Drownings on Walton County beaches prompt boost in beach safety spending
SANTA ROSA BEACH — Visitors and residents in Walton County can expect to see more beach safety messaging for the remainder of this tourist season and next season as the result of a Tuesday directive to the Walton County Tourist Development Council (TDC) from county commissioners.
With a unanimous vote, commissioners directed TDC Executive Director Jay Tusa to more than double the budget for beach safety messaging, from $101,000 to $240,000, through Sept. 30, the end of the county's fiscal year, and to have at least the same level of spending in place for next year.
The directive came as Tusa was presenting the TDC's media plan for the upcoming fiscal year, which included the $101,000 allocation for beach safety messaging, the same as the current fiscal year.
The commission's decision directing Tusa to spend the additional funds for this year and the next year came as the county has seen four visitor drownings in the Gulf of Mexico in the still-early days of this tourist season.
Public safety officials have said many visitors enter the water despite double-red flags indicating the Gulf is closed to swimming and even after they are warned by lifeguards.
Commissioner Danny Glidewell led the effort for the additional spending this year and next year.
"I do think some more should be spent on messaging for our safety efforts this year," Glidewell told Tusa and his commission colleagues.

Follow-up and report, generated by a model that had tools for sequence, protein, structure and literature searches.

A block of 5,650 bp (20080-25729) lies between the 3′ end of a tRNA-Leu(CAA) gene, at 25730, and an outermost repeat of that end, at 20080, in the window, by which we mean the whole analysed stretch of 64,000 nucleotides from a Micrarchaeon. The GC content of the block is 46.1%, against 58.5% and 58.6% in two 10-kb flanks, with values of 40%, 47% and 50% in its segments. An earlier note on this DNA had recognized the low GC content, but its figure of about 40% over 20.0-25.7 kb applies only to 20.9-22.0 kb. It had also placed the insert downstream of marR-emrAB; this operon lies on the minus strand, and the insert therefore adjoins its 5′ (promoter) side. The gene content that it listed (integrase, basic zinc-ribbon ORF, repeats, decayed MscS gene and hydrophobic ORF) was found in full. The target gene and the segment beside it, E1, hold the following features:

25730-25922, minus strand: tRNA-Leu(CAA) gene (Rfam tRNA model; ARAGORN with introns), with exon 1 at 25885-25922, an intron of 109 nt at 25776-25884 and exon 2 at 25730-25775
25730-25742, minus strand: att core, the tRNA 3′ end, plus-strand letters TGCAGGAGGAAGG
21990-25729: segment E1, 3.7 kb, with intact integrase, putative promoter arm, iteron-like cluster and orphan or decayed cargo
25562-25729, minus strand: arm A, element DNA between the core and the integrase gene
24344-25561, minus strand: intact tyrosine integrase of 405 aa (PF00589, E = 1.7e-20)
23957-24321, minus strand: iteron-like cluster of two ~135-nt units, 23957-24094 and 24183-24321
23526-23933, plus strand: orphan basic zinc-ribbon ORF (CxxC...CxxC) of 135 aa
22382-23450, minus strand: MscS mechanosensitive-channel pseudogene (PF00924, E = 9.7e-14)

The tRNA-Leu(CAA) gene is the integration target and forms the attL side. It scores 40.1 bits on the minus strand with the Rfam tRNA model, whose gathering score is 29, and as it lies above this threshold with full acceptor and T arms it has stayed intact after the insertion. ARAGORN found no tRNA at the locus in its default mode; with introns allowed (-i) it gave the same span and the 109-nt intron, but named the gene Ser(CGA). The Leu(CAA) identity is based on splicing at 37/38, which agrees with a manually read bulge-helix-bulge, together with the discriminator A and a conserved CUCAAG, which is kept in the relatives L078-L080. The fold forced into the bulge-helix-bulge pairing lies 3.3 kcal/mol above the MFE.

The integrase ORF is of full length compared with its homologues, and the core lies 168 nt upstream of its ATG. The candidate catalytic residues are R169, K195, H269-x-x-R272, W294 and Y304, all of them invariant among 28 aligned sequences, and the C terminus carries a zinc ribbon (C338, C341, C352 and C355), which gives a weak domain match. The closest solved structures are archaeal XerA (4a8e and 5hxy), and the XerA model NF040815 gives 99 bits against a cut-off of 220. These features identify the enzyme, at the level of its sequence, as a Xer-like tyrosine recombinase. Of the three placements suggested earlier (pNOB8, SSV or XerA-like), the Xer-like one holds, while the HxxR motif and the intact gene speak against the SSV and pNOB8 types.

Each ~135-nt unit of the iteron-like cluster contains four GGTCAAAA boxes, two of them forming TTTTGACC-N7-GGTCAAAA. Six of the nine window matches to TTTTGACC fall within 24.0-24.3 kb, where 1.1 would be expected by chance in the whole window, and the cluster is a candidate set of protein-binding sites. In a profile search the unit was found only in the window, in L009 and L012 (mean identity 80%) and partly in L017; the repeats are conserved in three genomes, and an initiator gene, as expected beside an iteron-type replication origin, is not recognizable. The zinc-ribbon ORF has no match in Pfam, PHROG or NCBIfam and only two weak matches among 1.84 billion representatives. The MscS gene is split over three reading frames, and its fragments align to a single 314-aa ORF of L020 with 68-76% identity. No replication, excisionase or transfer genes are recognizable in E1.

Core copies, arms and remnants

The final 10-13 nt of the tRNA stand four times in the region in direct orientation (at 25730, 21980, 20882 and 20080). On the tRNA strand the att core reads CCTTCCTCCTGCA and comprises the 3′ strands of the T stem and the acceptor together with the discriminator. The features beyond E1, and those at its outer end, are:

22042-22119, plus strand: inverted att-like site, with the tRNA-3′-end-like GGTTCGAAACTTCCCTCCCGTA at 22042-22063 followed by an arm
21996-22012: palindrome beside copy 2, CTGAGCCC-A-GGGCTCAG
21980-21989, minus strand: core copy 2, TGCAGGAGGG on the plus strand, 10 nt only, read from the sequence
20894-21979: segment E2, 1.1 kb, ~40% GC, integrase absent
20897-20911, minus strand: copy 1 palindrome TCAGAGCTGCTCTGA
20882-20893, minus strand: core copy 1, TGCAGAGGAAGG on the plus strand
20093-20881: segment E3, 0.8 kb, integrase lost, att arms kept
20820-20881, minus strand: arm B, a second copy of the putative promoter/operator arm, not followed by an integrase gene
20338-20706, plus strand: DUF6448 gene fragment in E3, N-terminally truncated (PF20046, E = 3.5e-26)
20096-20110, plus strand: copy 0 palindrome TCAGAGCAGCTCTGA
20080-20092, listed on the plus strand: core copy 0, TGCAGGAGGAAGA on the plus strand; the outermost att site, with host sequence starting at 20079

"We've had the drownings this year," he added.
Tusa, telling commissioners that the increased spending easily could be achieved, added that an initial plan likely would be to use digital resources, including the TDC's social media channels, to get beach safety messages out to visitors, potential visitors and even county residents. That information would, among other things, likely include information about the beach warning flag system and the current status of double-red flag warnings along the county's beaches.
"I think digital and social is probably the most effective, the most responsive, the quickest (safety messaging) to get up and running," Tusa said, "and we have a program for that, so I definitely think that is something that we can look to do."
Beyond that, Tusa said the TDC could change the messaging on the billboards used to welcome visitors to the beaches of South Walton County to educate them on beach safety protocols. Similarly, Tusa added that the TDC could use its print presence in small newspapers along the county's beaches for safety education.
The directive to Tusa came at the same meeting that commissioners approved the creation of a beach safety working group, a fact-finding body that will at some point present a report to the commission. The group will include at least representatives of the Walton County Sheriff's Office, the South Walton Fire District, the county's Code Compliance and Emergency Management offices and the TDC.
With an eye toward potential recommendations that might be forthcoming from the working group, Commissioner Mike Barker suggested that plans be made for some TDC funds to be directed toward any of that work for which its dollars could be used. Among other things, the TDC — funded with proceeds of a 5% accommodations tax assessed on visitors to the southern end of the county — covers costs of lifeguards and a Beach Ambassador program that provides assistance to people on those beaches.